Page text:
How to Protect Your Sensitive Information

Heide Har      Tuesday, May 15, 2018

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You can call me insecure person; however, I believe our computer is not secured as we all think to store sensitive information such as legal documents, tax stuff, and other files.  It makes me take an extra step to keep all my information safe from prying eyes.

Protect your files on your computer.

 

    In the older days before IT, we used to store our files in a folder in a locked file cabinet.  In the same way, we need to store sensitive files on our computer because it is more convenient than hoarding stacks of papers and wasting the trees as well.  In the older days we used to lock our file cabinet with a key to protect others from going into our files, in the same way we would need to lock our digital files from thieves, hackers and etc. can’t access them.  I believe in having a regular username and password would protect me if someone got access to my device, to find and steal my valuable files with a free to obtain software.

    I also found storing my sensitive and important files in my USB drive, did help to reduce storage space on my computer, however one biggest issue was to make sure that I never lose the USB drive, or the USB drive gets stolen and I would have no back up.

    In order to truly protect my sensitive files, I found it is best to have encryption.  As this technology uses complexed algorithms to jumble the data for others can only see, however, I could only view the unscrambled version with my key password.  If there were anyone who tried to steal your computer, they would only see the file, but not the inside without the password.

    Both Macs and Windows do have built in tools that will help to encrypt your files and accept your user account’s password as the access key, that way you can enter your password easier and it can do a lot more to lock down your files.

 

 

How to encrypt your files on MacOs

 

    Many Mac users have it easy, go to System Preferences then click on Security & Privacy, click on File Vault.  This will encrypt your entire hard drive, to prevent anyone from accessing your files unless they know your account’s password.  I also found that it can encrypt external USB drive as well, you can right-click the drive where your USB drive is at then click on Finder and choose Encrypt.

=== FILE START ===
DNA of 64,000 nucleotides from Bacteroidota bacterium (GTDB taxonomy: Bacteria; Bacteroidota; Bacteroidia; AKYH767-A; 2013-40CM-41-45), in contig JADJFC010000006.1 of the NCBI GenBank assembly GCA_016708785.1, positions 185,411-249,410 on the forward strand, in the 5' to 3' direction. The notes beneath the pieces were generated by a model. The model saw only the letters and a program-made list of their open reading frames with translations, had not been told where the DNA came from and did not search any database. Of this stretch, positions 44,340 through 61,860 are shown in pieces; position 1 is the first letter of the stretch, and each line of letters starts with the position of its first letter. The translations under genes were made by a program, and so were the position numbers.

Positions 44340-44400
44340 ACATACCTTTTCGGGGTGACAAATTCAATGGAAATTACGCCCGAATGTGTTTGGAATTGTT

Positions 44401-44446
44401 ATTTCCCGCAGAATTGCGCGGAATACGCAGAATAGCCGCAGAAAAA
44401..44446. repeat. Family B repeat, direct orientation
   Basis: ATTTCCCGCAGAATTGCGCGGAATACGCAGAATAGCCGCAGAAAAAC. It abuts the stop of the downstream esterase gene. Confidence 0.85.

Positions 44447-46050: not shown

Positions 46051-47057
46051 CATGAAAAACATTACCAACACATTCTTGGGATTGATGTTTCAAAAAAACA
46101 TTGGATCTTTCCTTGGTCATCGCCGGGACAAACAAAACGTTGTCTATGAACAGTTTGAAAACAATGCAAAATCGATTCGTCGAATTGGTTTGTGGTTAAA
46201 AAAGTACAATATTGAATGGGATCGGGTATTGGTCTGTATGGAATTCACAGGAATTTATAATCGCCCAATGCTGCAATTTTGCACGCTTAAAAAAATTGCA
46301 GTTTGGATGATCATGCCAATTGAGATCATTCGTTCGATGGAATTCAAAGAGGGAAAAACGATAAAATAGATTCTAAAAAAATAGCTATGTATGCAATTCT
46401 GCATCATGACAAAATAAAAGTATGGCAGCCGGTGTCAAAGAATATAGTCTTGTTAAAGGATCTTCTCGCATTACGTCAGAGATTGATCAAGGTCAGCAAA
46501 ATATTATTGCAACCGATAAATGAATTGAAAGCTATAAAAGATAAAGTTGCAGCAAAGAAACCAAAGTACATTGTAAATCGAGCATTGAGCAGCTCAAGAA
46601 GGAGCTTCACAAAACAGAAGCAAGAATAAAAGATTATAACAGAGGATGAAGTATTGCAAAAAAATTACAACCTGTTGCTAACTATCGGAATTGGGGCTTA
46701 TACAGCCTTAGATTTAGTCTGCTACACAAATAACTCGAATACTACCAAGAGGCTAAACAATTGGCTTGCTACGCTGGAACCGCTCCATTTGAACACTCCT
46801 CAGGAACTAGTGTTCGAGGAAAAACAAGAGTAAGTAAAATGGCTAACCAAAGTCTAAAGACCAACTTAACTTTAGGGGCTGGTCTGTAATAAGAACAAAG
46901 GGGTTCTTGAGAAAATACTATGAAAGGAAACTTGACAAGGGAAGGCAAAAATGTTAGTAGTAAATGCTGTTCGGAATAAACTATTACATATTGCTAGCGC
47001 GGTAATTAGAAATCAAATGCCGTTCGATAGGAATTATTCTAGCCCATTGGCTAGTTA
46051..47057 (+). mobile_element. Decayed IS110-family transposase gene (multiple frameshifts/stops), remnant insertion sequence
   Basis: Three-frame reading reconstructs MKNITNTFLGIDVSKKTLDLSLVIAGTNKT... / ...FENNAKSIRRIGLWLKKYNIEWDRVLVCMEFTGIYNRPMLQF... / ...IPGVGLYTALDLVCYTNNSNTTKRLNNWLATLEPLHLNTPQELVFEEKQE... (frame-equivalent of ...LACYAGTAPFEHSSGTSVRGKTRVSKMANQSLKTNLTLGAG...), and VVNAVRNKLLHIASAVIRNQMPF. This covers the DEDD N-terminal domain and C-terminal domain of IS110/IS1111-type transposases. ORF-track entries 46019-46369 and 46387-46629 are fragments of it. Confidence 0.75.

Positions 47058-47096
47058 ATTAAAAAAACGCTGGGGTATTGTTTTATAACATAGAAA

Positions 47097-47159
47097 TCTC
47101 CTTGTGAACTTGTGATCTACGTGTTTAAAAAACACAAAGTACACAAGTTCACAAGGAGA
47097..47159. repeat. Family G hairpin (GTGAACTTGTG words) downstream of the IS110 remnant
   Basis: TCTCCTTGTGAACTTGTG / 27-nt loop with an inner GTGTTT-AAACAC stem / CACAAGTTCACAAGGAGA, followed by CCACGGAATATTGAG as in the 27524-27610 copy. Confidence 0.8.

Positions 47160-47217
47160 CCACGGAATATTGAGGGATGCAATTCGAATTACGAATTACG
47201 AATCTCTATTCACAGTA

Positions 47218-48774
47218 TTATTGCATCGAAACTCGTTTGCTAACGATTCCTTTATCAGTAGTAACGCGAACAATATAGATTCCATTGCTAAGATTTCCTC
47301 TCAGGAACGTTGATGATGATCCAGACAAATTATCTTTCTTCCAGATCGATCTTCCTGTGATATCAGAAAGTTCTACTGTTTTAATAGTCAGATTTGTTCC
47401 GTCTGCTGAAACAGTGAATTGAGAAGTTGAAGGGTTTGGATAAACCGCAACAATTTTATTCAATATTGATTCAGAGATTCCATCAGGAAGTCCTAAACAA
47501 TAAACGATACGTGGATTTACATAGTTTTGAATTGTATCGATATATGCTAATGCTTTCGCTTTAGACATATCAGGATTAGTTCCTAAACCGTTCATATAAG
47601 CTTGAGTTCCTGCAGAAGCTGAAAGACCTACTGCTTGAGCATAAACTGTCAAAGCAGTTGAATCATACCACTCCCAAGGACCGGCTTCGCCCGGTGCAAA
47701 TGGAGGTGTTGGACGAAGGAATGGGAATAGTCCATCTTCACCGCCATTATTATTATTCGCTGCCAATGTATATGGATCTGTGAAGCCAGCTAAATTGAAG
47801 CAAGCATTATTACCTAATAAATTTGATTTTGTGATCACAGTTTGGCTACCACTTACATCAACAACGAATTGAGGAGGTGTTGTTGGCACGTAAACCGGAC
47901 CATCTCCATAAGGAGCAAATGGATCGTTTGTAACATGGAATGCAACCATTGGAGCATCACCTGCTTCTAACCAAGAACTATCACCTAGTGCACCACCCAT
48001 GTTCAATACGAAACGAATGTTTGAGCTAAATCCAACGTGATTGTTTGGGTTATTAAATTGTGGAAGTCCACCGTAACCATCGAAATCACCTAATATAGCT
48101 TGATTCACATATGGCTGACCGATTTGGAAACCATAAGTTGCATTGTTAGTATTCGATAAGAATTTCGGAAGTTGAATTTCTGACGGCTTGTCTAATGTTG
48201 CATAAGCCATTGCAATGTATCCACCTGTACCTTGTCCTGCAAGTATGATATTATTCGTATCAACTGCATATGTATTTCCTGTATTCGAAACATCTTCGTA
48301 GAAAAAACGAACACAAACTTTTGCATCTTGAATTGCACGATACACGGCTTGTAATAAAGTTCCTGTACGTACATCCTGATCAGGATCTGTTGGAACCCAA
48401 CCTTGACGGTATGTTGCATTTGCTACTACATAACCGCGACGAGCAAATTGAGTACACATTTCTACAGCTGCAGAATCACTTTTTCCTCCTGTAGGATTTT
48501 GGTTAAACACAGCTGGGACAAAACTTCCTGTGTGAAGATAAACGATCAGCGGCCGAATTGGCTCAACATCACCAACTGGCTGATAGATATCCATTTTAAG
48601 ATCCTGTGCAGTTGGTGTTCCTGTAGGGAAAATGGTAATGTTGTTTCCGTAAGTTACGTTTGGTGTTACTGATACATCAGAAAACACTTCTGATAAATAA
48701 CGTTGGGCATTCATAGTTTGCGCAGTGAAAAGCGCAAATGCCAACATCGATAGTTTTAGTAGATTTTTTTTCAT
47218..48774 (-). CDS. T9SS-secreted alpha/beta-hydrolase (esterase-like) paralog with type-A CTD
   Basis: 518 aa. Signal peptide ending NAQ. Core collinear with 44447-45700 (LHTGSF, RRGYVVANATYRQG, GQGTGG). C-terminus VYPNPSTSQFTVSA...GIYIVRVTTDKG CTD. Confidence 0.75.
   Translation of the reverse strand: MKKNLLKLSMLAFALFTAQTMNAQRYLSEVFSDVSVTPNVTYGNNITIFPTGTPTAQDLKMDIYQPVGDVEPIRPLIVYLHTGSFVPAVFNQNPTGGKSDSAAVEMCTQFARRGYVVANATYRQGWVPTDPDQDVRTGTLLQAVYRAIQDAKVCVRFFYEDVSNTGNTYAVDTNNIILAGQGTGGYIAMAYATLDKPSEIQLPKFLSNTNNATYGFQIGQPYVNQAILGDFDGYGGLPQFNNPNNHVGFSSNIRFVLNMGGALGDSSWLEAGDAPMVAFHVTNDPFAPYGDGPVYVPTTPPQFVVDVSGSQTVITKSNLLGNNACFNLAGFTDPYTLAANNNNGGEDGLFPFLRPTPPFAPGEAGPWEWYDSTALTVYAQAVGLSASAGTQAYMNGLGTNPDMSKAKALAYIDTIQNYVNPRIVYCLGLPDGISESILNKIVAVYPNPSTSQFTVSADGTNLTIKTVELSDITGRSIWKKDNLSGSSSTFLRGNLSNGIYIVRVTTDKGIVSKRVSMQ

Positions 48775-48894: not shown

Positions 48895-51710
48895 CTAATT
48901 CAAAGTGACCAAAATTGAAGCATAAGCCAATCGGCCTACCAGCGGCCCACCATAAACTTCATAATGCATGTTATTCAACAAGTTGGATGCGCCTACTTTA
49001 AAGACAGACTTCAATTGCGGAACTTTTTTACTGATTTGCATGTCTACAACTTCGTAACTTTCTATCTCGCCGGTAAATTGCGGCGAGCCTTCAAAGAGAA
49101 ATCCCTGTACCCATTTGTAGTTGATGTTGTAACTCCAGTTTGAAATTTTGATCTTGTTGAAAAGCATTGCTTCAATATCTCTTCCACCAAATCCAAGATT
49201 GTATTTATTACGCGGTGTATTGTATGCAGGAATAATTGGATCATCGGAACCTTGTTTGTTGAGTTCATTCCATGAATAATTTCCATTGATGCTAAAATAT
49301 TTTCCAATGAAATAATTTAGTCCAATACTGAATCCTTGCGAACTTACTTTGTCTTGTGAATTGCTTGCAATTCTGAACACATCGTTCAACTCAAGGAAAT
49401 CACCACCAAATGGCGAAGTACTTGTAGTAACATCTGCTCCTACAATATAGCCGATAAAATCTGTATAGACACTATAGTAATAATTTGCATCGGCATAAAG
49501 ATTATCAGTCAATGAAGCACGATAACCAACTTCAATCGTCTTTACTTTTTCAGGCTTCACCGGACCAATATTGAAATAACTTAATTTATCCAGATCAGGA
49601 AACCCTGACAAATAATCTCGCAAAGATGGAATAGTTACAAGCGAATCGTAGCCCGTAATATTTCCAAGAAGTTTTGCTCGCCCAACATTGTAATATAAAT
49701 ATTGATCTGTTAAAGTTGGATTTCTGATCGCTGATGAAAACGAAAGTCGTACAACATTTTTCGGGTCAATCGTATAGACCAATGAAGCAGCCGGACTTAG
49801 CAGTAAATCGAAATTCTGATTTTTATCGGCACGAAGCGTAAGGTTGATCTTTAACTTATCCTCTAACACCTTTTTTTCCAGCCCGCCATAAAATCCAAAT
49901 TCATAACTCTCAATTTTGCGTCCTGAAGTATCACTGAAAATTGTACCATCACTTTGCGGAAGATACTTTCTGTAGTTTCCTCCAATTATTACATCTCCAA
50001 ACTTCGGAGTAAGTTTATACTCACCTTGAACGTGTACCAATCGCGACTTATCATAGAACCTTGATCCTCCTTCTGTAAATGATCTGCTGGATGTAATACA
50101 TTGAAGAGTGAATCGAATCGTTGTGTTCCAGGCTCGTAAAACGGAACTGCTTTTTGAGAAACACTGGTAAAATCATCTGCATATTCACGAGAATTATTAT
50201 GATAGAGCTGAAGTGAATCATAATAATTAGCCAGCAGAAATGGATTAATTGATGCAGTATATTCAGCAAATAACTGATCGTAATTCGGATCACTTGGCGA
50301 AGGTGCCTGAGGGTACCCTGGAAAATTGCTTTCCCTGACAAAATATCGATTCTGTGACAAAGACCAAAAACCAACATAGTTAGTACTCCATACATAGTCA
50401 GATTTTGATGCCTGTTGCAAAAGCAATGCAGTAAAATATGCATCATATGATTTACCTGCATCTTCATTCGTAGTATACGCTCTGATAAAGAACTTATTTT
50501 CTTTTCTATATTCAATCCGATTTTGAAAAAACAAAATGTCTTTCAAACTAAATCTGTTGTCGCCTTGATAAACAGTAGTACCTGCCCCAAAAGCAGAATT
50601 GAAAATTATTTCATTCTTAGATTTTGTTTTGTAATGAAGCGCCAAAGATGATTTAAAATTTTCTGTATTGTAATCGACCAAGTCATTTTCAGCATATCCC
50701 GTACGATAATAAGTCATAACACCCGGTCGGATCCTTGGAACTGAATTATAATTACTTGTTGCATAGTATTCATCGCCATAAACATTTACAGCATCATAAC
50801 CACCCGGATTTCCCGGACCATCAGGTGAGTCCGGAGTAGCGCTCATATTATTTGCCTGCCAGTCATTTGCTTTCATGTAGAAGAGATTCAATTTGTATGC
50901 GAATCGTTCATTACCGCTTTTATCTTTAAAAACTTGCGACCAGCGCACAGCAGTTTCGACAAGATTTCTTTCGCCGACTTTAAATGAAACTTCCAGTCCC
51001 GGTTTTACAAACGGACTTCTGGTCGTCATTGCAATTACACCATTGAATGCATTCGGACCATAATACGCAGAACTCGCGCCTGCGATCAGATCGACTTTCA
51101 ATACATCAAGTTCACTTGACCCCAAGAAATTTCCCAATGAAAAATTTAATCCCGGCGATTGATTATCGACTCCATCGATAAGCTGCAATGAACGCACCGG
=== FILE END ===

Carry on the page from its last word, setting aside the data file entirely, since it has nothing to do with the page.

In Windows

 

    It is more complicated, some PC’s automatically encrypt their flies by default, how you can find out is by going to Settings then click on System then About then scroll down to “Device Encryption.”  Some computer does not have this ability in Windows, it offers something similar called “BitLocker,” as you can access it from Control Panel then click on System and Security then Manage BitLocker. With BitLocker can encrypt your computer and your USB external drives.  It is useful if you want to move files between PC’s or to lock the date under another layer of security by putting a portable USB drive in a physical safe.

    However, there is a catch with BitLocker, it requires your computer to have a special chip called “Trusted Platform Module (TPM), not every PC’s comes with one.  And it also requires the Professional edition of Windows 10. If you have the Home version and your computer did not come with a Device Encryption feature, you won’t be able to use any of the built-in encryption tools.  

    A good thing is that you can turn to a third-party options VeraCrypt a free program for Windows, MacOs, and Linux that can encrypt your computer’s entire drive.  You can also use it to encrypt certain group of files inside it’s secure “container,” even though I recommend encrypting everything. If you encrypt your hard drive or put any files in the encrypted container, it would be wise to remember your password because if you forget it, you won’t be able to access those files at all and all will be lost.